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Michael Siegel, Oakland civil rights attorney and all-around nice guy, has obtained information from the City of Oakland about police shooting lawsuits that have happened over the past decade and their resolutions.

Here's a guide to how you, too, can get a cool $1,000,000 (give or take) from the taxpayers of Oakland. Unless you're already shot dead.

The Lawsuit:

The city of Oakland agreed Tuesday to... pay the family of a man who died after being arrested by Oakland police officers in 2000, a case that a federal appeals court said led to misrepresentations and stonewalling by the Police Department.

Jerry Amaro III, 35, was arrested on suspicion of trying to buy drugs from undercover officers near 73rd Avenue and Holly Street in East Oakland on March 23, 2000. During the arrest, several officers, including now-Capt. Ed Poulson, used excessive force, breaking five of Amaro's ribs and lacerating his left lung, said the family's suit, filed in U.S. District Court in San Francisco.

Incident Date: 3/23/2000   
Settlement Date: 12/1/2011
The Settlement: $1,700,000

The Lawsuit:

A man and a woman wounded when Oakland police officers fired on a suspect at a carwash are suing the officers and the city.

The $10 million civil rights suit, filed Tuesday in U.S. District Court, said William Caldwell, 67, and Leona Savoy, 31, were injured on March 11 when three officers fired 26 rounds "a la Hollywood action movie-style," without giving "adequate consideration to the obvious danger (posed by) their rash decision."

Bullets fired from the officers' guns shattered the femurs of both Caldwell and Savoy, both of whom were cleaning cars, the suit said.

Incident Date: 3/6/06
Settlement Date: 7/23/08
The Settlement: $975,000

The Lawsuit:

The city of Oakland has agreed to... settle a federal civil rights lawsuit filed by an unarmed burglary suspect who was left a paraplegic after a police officer shot him in the back.

Charles Davis Jr., 46, was shot once in the back Jan. 15, 2007, by Officer Hector Chavez inside the Koinonia Apostolic Church at 9429 MacArthur Blvd.

Incident Date: 1/16/07
Settlement Date: 10/12/2009   
The Settlement: $1,200,000

The Lawsuit:

The city of Oakland is expected to pay... to settle a federal civil rights lawsuit filed by the family of a man who was shot in the back and killed by a police sergeant.

Sgt. Pat Gonzales shot Gary King Jr., 20, of Oakland on Sept. 20, 2007, near 54th Street and Martin Luther King Jr. Way in North Oakland. King fit the description of a "person of interest" in a killing that happened the month before, and officers found a loaded gun on him after the shooting, police have said.

But in their lawsuit, King's parents, Gary and Catherine King, said their son "did not pose a significant and immediate threat of death or serious physical injury" to police and that the shooting constituted excessive force.

Gonzales "created the situation where deadly force was used," said the lawsuit, which named the sergeant, the city and former Police Chief Wayne Tucker as defendants. Among the plaintiffs was King's child, who was born last year...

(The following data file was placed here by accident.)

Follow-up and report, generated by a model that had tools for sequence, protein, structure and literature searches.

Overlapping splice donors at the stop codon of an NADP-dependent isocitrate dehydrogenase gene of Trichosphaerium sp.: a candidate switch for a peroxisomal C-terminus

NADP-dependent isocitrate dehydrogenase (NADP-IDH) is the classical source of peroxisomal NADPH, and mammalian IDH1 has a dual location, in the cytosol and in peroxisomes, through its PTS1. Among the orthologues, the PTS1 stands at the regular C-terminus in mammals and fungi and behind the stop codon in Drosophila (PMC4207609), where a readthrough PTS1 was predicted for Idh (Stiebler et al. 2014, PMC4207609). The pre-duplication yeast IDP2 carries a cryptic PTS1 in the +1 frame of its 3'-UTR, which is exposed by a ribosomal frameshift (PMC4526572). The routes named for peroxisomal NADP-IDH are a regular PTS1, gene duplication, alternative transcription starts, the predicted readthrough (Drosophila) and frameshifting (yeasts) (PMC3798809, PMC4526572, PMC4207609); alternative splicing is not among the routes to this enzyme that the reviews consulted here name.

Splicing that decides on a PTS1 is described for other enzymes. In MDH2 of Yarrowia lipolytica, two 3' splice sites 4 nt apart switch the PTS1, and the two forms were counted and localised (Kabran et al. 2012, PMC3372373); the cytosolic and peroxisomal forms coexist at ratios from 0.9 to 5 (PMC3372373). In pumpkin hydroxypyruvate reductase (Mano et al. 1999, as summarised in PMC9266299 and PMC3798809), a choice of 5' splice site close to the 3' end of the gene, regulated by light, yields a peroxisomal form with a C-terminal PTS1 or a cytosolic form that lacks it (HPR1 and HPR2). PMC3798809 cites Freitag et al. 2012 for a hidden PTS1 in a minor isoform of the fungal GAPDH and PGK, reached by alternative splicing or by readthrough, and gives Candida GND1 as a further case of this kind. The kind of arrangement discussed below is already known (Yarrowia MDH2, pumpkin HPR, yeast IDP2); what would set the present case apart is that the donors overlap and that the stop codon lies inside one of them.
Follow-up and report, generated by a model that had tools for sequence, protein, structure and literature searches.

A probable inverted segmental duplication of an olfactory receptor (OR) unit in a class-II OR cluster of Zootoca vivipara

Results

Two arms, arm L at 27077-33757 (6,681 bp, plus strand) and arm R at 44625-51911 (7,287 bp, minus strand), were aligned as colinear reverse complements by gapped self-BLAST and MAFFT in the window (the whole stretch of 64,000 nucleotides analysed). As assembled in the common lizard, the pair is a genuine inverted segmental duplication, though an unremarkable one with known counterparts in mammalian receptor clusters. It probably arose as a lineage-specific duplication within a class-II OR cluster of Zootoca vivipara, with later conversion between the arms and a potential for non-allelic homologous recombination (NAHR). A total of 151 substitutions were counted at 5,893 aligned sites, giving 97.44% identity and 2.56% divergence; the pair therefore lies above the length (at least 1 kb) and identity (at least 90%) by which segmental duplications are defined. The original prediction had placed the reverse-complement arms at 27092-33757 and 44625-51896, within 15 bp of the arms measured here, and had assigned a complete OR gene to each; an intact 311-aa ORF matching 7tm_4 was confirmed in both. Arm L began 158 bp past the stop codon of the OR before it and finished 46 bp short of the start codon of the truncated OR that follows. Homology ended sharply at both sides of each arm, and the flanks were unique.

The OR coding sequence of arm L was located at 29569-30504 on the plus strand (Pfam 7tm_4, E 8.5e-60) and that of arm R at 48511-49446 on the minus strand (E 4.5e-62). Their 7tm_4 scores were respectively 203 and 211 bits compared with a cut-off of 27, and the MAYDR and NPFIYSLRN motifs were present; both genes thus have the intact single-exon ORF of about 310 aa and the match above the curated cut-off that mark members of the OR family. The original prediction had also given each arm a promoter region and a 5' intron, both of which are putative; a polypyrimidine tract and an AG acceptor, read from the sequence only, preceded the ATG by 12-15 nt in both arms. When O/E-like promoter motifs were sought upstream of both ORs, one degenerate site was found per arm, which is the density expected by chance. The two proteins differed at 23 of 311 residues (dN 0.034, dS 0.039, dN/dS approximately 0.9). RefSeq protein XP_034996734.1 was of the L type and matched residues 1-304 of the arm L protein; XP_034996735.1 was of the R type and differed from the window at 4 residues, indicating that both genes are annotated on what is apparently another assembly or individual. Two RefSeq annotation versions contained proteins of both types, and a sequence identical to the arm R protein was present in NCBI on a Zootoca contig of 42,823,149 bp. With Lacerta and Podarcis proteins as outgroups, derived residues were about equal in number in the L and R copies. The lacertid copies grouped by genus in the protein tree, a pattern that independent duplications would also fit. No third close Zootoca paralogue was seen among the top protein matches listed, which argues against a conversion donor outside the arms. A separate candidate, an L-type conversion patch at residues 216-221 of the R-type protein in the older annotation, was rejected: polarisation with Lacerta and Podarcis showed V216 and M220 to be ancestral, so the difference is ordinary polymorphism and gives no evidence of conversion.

Gonzales thought King was reaching for a handgun, police said... He has been cleared of wrongdoing in two other shootings since 2002, one of which was fatal.

Incident Date: 9/20/2007
Settlement Date: 10/8/2009
The Settlement: $1,500,000

The Lawsuit:

Rookie officers Tim Scarrott and Andrew Koponen needlessly killed Officer William "Willie" Wilkins in January, according to the lawsuit filed in U.S. District Court in San Francisco on behalf of Wilkins' family.

Around 11:15 p.m. on Jan. 11, Wilkins, 29, was dressed in plainclothes when he tried to arrest car-theft suspect Demetrius Phillips, 18, at gunpoint near 90th Avenue and B Street.

Although one responding officer shouted, "Hey, it's Willie," uniformed officers Scarrott and Koponen were so intent on Wilkins and his gun that they opened fire, believing he was an assailant, authorities said. Wilkins never identified himself because he believed the officers were helping to arrest Phillips, police said.

The lawsuit, filed by Cochran associate Brian Dunn of Los Angeles, said that radio broadcasts "clearly identified" Wilkins as an undercover officer in pursuit of Phillips and that the officer's badge and radio were "plainly visible."
Wilkins never posed a threat to Phillips nor to the responding officers, Dunn said. "The force used against Wilkins was unreasonable, excessive and deadly."

Incident Date: 1/11/2001
Settlement Date: 7/19/2006
The Settlement: $3,500,000

The Lawsuit:

The city of Oakland has agreed to settle a lawsuit with the family of an unarmed man fatally shot by a police officer.

Former Oakland Police Officer Hector Jimenez shot 27-year-old Woodfox in the back on July 25, 2008, as he ran from his car after being pulled over for suspicion of drunken driving.

Jimenez was fired last month for violating the police department's use-of-force policies. His attorney, Justin Buffington, says Woodfox was running toward another officer and Jimenez believed he was acting reasonably to prevent harm to a fellow police officer.

Incident Date: 7/24/08
Settlement Date: 8/12/09
The Settlement: $650,000

The Lawsuit:

The city of Oakland agreed... to settle a federal civil rights suit filed by the parents of a 15-year-old boy who was shot and killed by three gang-unit officers in 2008.

Jose Luis Buenrostro was killed March 19, 2008, at 79th Avenue and Rudsdale Street in East Oakland. Police have said several gang-unit officers shot Buenrostro when he pulled a sawed-off rifle from his sweatpants and pointed it at them.

But in a lawsuit filed in U.S. District Court in San Francisco, Jose and Maria Buenrostro said Sgt. Randy Brandwood and Officers Eric Milina and Robert Roche drove up to their son in an unmarked car, stopped and shot him without cause.

Roche has been involved in at least two other fatal police shootings.

Incident Date: 3/19/2008
Settlement Date: 1/20/2011
The Settlement: $500,000

Since 2000, according to the document obtained by Mike Siegel, the City of Oakland has payed out almost $11,500,000 for what they refer to as Payouts in Force (Shooting) Cases.

Even more unsettling though, if such a thing is possible, is that total settlement costs against the Oakland Police have totalled almost $60,000,000 in the last ten years.